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Fair Compensation When Recording

October 12, 2021

Editor's Note: This article is one in a series detailing information from Emily White's book How To Build A Sustainable Music Career And Collect All Revenue Streams

Before you start recording your next project, get the finances figured out. Trust us — you'll appreciate having everything in order so you can focus entirely on making the best recording possible instead of worrying how much it will cost, if you need to pay everybody the same, or any hidden expenses that are going to stop you from getting exactly what you want. 

But if you won't take our word for it, take Emily White's. As a manager, White has overseen all kinds of recording budgets and represented people on all sides of the equation. 

Before you commence recording, it is crucial that you sort out how everyone will be compensated. Far too many artists wait until they are in the middle of or done with recording, which often leads to a convoluted mess. I know that money isn’t many people’s favorite topic to discuss. But I guarantee that you are making your life easier by getting this squared away before you begin recording. It can be a nightmare and also hold up your release if you do so later.

— Emily White

But what exactly are the different costs and kinds of compensation you should consider? Well, if you're a one-person-band recording at home, you may only have to worry about making sure all of your copyrights are registered and decide how you'd like to pay yourself from the money your music makes. But what if you have other collaborators? Session musicians? A producer? What if you're trying to record covers?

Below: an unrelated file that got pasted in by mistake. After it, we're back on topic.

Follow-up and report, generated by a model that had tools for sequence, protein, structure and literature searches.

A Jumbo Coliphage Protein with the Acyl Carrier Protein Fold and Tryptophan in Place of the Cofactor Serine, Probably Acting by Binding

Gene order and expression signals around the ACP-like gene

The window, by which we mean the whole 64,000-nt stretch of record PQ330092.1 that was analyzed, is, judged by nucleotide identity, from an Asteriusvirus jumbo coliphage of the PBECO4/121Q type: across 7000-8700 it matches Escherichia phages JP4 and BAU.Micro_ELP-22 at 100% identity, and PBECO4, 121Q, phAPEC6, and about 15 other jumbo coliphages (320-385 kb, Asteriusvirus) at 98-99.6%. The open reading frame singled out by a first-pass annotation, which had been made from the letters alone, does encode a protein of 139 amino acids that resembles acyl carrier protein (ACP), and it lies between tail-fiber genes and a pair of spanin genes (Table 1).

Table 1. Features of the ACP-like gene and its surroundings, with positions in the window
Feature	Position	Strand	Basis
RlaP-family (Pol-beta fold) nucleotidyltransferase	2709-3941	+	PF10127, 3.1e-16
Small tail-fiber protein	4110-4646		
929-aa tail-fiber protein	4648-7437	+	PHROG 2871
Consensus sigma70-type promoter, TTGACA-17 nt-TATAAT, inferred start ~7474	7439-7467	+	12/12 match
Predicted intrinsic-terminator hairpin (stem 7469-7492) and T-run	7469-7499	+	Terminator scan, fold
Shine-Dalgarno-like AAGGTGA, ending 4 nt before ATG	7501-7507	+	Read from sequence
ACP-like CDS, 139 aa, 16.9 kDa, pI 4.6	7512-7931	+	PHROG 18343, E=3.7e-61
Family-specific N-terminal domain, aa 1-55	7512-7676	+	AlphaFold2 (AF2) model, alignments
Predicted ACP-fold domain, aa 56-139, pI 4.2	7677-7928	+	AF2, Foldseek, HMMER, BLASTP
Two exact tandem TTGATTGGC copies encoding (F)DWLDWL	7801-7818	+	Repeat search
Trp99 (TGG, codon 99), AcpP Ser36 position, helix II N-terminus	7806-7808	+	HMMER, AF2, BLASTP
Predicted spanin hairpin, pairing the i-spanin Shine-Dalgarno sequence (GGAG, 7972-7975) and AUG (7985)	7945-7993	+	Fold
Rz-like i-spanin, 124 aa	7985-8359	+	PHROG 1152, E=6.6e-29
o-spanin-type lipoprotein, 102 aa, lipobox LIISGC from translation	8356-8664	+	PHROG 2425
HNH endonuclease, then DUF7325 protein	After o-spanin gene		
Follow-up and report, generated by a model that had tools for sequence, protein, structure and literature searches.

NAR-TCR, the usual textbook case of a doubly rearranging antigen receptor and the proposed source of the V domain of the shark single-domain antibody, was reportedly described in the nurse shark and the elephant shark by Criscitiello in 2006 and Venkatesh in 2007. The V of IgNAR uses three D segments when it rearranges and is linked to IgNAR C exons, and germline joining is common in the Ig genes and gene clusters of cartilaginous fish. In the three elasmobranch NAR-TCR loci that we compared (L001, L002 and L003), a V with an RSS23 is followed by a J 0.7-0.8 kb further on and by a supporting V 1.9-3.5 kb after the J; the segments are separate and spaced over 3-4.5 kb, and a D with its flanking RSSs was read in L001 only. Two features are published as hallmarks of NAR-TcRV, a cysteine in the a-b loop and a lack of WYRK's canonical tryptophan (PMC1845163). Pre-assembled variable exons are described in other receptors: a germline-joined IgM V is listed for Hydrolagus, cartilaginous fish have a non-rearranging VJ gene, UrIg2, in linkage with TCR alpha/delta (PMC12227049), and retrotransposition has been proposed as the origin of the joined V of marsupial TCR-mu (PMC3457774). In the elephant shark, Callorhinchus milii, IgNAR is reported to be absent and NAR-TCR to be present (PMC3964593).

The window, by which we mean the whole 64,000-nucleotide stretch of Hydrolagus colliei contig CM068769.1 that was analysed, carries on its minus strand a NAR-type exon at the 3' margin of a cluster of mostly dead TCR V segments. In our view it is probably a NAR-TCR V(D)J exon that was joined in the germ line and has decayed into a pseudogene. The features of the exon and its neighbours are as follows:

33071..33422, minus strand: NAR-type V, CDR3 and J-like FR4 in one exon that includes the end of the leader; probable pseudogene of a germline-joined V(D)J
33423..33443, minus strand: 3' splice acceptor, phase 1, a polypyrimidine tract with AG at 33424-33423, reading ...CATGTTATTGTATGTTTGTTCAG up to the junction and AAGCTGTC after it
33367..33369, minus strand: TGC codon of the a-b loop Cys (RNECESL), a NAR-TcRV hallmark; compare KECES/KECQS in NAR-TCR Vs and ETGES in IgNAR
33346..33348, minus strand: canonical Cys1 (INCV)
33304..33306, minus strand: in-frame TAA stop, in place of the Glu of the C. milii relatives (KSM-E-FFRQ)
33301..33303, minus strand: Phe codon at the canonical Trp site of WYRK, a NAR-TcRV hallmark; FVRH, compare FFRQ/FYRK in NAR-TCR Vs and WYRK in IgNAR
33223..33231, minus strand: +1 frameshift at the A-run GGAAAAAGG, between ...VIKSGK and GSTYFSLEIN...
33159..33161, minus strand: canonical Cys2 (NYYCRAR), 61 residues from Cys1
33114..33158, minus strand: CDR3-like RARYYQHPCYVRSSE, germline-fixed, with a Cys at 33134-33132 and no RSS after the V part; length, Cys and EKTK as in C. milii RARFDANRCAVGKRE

Here are just a few of the things you should consider, according to White:

  • Master Recording and Publishing Rights
  • Traditional Master Ownership
  • Extra "Points"/Percentages for When You Truly Can't Afford Their Cash Rates
  • Points and Percentages for Producers and Mixing Engineers Who Also Get Fixed Rates
  • Having People Sign a "Work For Hire"
  • Songwriting Splits for Legitimate Songwriting Credit
  • Sync Placements And Master Rights
  • Flat Fees for Remixes and New Arrangements
  • Cover Song Compensation
  • Agreements Between Who Owns What in the Group/Band

As you can tell, there's a lot to take in. But don't get overwhelmed! Not all of this will apply to you, and once you've dealt with it a few times, you'll start to speak the language like it's second nature. If you want more in-depth info on each point, we recommend checking out her book. But let's look at one of the most-discussed topics in the list: points and percentages for collaborators. 

Points and Percentages When Recording

It's pretty common in music for different collaborators on a project to earn a percentages of the money that recording makes. (Not everything it makes — publishing is a different subject, but for simplicity's sake, just think the money you get paid from your distributor for when your music is streamed or downloaded).